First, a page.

Protesters in Cairo are preparing to hold another mass rally to demand that Egypt's military rulers step aside.
The demonstrators are demanding the postponement of parliamentary elections due to start on Monday.
The previous military-appointed civilian cabinet resigned earlier this week in the wake of violent protests in the capital and other cities.
State media has reported that Egypt's army appointed ex-Prime Minister Kamal Ganzouri to form a new government.
The Supreme Council of the Armed Forces (Scaf) is overseeing a transition to civilian rule following the ousting of President Hosni Mubarak in February.
Despite promises by the council to speed up the process, many Egyptians fear they intend to cling to power.
Yet many Egyptians want the elections to go ahead unhindered. The main opposition group, the Muslim Brotherhood - which is expected to do well in the planned polls - is not supporting the protests.
The news of the reported appointment of Mr Ganzouri - who headed Egypt's government from 1996 to 1999 under Mr Mubarak - has not been welcomed by the protesters.
"For the second time, we are going to depend upon the old guard of Mubarak's regime. Why we do not give chance for the young, instead of those people who are 80 years old?" one man in Cairo's Tahrir Square, Suhir Nadim, told Reuters news agency.
"Appointing Ganzouri is a crisis for the revolution. We must remain in Tahrir," another protester, 44-year-old Hossam Amer, told Reuters.
Activists, many of whom spent the night in the square, are calling Friday "the last chance" for Egyptians to demand an immediate transfer to civilian rule.
The Egyptian Independent Trade Union Federation called for a march to Tahrir Square while another labour rights group called for a general strike to back the protests.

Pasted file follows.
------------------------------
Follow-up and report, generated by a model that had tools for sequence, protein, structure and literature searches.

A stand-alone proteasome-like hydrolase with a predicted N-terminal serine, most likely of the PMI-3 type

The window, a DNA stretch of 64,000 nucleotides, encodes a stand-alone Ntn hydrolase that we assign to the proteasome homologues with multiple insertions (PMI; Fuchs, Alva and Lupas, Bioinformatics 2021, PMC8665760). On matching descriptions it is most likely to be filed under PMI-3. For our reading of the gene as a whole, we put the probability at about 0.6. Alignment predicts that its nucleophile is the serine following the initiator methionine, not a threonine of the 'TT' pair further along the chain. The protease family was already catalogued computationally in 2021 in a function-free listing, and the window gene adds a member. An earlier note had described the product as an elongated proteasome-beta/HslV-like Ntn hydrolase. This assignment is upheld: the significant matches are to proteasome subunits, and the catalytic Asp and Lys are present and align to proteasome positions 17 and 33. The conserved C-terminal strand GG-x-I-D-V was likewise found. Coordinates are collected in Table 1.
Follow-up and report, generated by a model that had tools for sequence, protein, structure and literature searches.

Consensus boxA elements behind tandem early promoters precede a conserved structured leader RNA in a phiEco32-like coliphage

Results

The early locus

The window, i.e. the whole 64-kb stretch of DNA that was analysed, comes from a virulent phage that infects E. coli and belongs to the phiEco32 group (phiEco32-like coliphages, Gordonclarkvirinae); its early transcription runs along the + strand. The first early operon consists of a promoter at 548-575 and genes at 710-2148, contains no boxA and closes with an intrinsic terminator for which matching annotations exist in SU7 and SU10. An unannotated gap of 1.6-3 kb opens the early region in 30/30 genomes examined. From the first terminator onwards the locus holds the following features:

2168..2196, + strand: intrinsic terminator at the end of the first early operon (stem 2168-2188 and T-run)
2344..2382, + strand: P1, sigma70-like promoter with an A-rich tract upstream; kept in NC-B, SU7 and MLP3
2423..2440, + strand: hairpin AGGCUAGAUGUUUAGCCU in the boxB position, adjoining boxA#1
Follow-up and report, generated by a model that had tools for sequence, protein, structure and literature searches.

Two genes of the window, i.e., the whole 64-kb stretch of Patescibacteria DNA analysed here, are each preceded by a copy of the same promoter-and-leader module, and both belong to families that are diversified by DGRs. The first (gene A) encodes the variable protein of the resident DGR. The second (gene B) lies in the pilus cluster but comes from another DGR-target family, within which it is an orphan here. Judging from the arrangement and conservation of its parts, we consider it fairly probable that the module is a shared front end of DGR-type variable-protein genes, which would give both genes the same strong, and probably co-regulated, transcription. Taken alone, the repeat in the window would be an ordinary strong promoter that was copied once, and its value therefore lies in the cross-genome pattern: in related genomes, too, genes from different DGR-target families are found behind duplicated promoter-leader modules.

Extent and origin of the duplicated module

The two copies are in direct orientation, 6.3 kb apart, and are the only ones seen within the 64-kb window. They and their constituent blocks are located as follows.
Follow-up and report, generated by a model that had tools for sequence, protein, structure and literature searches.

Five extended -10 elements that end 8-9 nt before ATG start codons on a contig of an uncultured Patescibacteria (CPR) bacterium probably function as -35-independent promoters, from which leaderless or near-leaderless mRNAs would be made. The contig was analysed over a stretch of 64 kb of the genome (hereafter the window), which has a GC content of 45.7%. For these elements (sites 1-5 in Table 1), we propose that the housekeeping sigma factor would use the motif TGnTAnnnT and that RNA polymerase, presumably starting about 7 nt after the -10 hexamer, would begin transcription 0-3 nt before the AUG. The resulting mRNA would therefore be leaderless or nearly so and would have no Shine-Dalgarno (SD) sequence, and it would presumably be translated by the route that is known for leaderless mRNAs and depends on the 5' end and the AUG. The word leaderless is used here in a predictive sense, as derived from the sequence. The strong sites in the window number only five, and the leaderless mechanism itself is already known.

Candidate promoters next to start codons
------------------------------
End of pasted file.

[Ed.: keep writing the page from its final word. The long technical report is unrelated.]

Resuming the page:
The health ministry said 41 people had died in the violence, state television reported early on Friday.
The military council has offered its condolences, as well as compensation to families of the dead.
"What we want to hear is when they are leaving," protester Khaled Mahmoud told the Associated Press news agency.
Much of the violence has taken place in a street leading from Tahrir Square to the interior ministry. Soldiers have now set up barricades of cement, metal bars and barbed wire to separate protesters and security forces.
A media watchdog group has recommended that news outlets should temporarily stop sending women to Egypt, after two reports of sexual assaults on female journalists.
Reporters Without Borders said a French journalist was the latest victim, attacked on Thursday while she worked in Cairo.
State newspaper al-Ahram said on its website that Mr Ganzouri, 78, had agreed in principle to lead a "national salvation government" after meeting Field Marshal Mohamed Hussein Tantawi, the head of Scaf.
Mr Ganzouri, who distanced himself from Mr Mubarak's regime, has been suggested as a possible presidential candidate.
During his term as prime minister, he was known as the "minister of the poor" because he was seen as representing the less well-off, and he remains popular with many Egyptians, the BBC's Yolande Knell says.